The current climate situation concerns us all. Global warming, acidification, deoxygenation: the oceans are under constant threat, and evidence of their role in climate regulation is overwhelming. We are working alongside ohter organizations and researchers to take up the challenge of determining how it all works—before it is too late.
We choose to collaborate with researchers working with both scientific laboratories (climatology, microbiology, oceanology) and marine biotechnology companies (applied research) in order to better understand these global dynamics through scientific expeditions. Since 2019, we have been working on “Objective Bloom”—which aims to quantify the carbon balance of the most widespread phytoplankton species in the North Atlantic—and collecting samples for cultivation, in which we look for and research molecules of interest. We have taken advantage of these pilot expeditions to educate the public on the beauty and diversity of planktonic ecosystems. A fitting tribute to the services they have rendered to the planet over the past four billion years.
How the “cloud people” cause both sunshine and rainfall
For Iodysseus, the study of cloud microbiology and its climatic and environmental impact serves as inspiration.
Pierre Amato is a scientist at the Chemistry Institute of Clermont-Ferrand and has devoted 15 years of his life to investigating cloud microbiology alongside Anne-Marie Delort. In the following interview, Pierre explains what life is like for the organisms that inhabit clouds.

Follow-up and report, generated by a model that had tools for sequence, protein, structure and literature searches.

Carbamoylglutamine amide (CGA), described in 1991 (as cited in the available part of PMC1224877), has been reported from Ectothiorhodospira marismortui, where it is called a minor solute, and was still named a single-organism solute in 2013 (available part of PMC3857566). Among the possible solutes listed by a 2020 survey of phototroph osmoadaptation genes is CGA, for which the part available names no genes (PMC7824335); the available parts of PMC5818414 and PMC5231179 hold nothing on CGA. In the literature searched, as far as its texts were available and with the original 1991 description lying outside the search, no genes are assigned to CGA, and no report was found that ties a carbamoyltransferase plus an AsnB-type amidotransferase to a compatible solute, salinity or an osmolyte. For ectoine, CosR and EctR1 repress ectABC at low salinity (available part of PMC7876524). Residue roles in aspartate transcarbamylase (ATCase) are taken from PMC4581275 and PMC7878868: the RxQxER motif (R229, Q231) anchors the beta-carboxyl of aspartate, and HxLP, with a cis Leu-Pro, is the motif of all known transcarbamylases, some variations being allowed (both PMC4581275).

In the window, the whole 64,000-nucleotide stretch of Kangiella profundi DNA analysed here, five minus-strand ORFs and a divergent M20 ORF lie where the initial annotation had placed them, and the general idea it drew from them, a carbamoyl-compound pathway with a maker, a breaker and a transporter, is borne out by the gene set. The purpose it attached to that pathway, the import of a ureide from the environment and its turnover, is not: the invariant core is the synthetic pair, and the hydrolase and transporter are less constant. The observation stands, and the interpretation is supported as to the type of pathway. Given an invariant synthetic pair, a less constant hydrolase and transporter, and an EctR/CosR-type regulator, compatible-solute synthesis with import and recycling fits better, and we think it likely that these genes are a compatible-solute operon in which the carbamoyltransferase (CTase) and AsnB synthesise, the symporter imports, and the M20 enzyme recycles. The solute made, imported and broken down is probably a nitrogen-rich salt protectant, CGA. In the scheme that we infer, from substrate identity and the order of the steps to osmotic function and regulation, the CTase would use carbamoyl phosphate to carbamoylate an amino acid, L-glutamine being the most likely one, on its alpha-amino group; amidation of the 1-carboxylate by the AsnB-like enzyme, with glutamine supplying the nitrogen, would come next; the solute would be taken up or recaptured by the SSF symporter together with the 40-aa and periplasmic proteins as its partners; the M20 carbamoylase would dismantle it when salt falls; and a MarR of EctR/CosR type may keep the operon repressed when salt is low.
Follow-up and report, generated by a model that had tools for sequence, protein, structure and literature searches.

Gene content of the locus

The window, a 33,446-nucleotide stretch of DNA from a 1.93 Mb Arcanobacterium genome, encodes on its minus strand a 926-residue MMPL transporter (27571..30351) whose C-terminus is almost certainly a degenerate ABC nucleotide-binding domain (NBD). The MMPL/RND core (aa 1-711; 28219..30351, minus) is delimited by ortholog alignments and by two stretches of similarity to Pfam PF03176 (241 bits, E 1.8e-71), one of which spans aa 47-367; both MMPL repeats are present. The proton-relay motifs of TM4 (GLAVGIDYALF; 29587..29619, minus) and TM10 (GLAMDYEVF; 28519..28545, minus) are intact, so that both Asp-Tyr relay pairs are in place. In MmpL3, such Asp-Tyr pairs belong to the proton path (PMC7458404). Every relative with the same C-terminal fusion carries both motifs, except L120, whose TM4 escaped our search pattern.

Pierre Amato—research fellow at the CNRS (French National Center for Scientific Research)—is studying the links between the “little people of the sea” (phytoplankton) and cloud microbiology. Pierre Amato compares the Iodysseus project to the Tara expedition, calling it “a Tara for aerosols and the atmosphere”.
How can bacteria in cloud droplets trigger rainfall, survive under exposure to radiation and oxidizers, resist high-pressure environments, and capture iron? How can they influence global climate and pollution levels? The ocean contributes to the formation of clouds, and these urgent issues are being analyzed in Clermont-Ferrand, in the center of France. Pierre Amato works with Anne-Marie Delort at the Chemistry Institute of Clermont-Ferrand (ICCF, CNRS / Université Clermont Auvergne / SigmaClermont).
Micro-causes with macro-consequences on a global scale: between sea spray aerosols—samples taken by Iodysseus—and the clouds above the Puy-de-Dôme (meteorological observatory in central France), captured by ICCF, a connection (or interconnection) is being made through the major cycles of our biosphere.
Plankton in aerosols, a 21st century challenge
The plankton is at the basis of the marine trophic network.
And this is only a low estimate obtained by modeling.
billion organisms in 1L of seawater
million tonnes of carbon
are absorbed each year by oceanic plankton.